Sri Ramkrishna Sarada Vidyamahapith
| West Bengal|
Kamarpukur is a village situated in the Arambag subdivision of the Hooghly District in West Bengal state of India. It is famous for being the birthplace of Ramakrishna. It is the block headquarters of the Goghat –II community development block.
Kamarpukur is located at 22.91°N 87.65°E? / 22.91; 87.65. A mile to the north of Kamarpukur, is situated the village of Bhursubo where a well-to-do person named Manik Raja lived. The renowned tanks of Sukhasayer and Hatisayer excavated by him as also the mango-grove now almost extinct in the nearby meadows, testify to some of his noteworthy acts.
On the western border of Kamarpukur, the canal Bhutir-Khal flows in a zigzag course from the north to the south and joins the Amodar river at a little distance.
Two cremation grounds called Budhui Moral and Bhutir-Khal lie on the north-east and north-west of the village respectively. Along the eastern border of the village a spacious road runs from Burdwan (32 miles from Kamarpukur) to Puri in Orissa.
To the south-east are the ruins of Fort Mandaran and the ancient temple of Saileswara Shiva, which bear witness to the prosperous days of the Pathan rulers.
About 30 miles to the east, is the famous temple of Tarakeswar Shiva, which is connected with Kamarpukur by a road running via Jahanabad (or Arambagh). Besides this, Ghatal (18 miles to the south) and Vishnupur (30 miles to the west) are joined with Kamarpukur by another road that abuts on the aforesaid road to Puri, after passing through the village via Kotulpur and Koalpara.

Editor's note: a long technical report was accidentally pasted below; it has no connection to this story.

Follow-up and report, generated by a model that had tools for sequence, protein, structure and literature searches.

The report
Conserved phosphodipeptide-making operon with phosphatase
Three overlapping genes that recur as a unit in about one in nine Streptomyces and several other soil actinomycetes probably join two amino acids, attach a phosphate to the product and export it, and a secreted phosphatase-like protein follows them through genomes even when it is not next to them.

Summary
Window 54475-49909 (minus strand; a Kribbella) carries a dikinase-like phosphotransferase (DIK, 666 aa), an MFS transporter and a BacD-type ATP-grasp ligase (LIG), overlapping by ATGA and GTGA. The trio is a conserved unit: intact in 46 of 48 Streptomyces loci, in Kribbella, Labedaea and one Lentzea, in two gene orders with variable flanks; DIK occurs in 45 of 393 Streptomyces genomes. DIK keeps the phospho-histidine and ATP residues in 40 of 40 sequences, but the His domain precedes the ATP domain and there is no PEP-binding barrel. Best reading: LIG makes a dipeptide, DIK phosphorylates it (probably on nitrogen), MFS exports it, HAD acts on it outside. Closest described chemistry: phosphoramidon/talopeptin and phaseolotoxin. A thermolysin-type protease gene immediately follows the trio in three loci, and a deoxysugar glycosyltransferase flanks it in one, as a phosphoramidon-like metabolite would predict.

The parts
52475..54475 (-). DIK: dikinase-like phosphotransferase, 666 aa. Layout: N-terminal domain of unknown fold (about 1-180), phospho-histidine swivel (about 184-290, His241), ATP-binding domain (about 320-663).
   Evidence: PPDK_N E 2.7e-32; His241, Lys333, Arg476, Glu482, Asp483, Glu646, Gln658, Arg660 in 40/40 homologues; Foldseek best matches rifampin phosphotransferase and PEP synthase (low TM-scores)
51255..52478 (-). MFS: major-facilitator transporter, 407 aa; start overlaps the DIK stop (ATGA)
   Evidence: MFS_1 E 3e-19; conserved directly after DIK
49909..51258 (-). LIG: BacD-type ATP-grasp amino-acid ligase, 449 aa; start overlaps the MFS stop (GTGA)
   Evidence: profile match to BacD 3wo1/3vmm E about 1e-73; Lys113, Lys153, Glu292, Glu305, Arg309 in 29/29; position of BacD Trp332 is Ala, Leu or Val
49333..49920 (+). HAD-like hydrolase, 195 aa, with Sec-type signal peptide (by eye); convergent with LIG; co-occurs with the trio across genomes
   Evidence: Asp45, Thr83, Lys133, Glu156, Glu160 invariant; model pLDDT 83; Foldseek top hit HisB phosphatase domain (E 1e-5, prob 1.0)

Three miles to the west, is Jayrambati, the village in which the Holy Mother Sri Sarada Devi was born.
Kamarkupur gram panchayat (GP) is a constituent GP of Goghat–II community development block in Arambag subdivision of the Hooghly district. It is the block headquarters of the Goghat–II CD block.
The signs of ancient prosperity are still visible everywhere at Kamarpukur. A number of ponds, tanks and old buildings and dilapidated temples still bear witness to its old glory. In olden days Kamarpukur, surrounded by extensive fields, looked like an island floating in a vast sea of green. Apart from agriculture, it was noted for cottage industries also. Sweet-meats like jilapi and nabat, hookah pipes of ebony, yarns, towels, cloth, etc., were prepared here and sent out for sale to Kolkata as well as to nearby markets. To this day, in the month of Chaitra (March—April), Kamarpukur reverberates with songs during the worship of Goddess Manasa and festival of Shiva, and in the following month, devotional choral songs of Hari are sung for three days at a stretch. Even now people belonging to the different strata of society live in peace in the tranquil atmosphere of the village.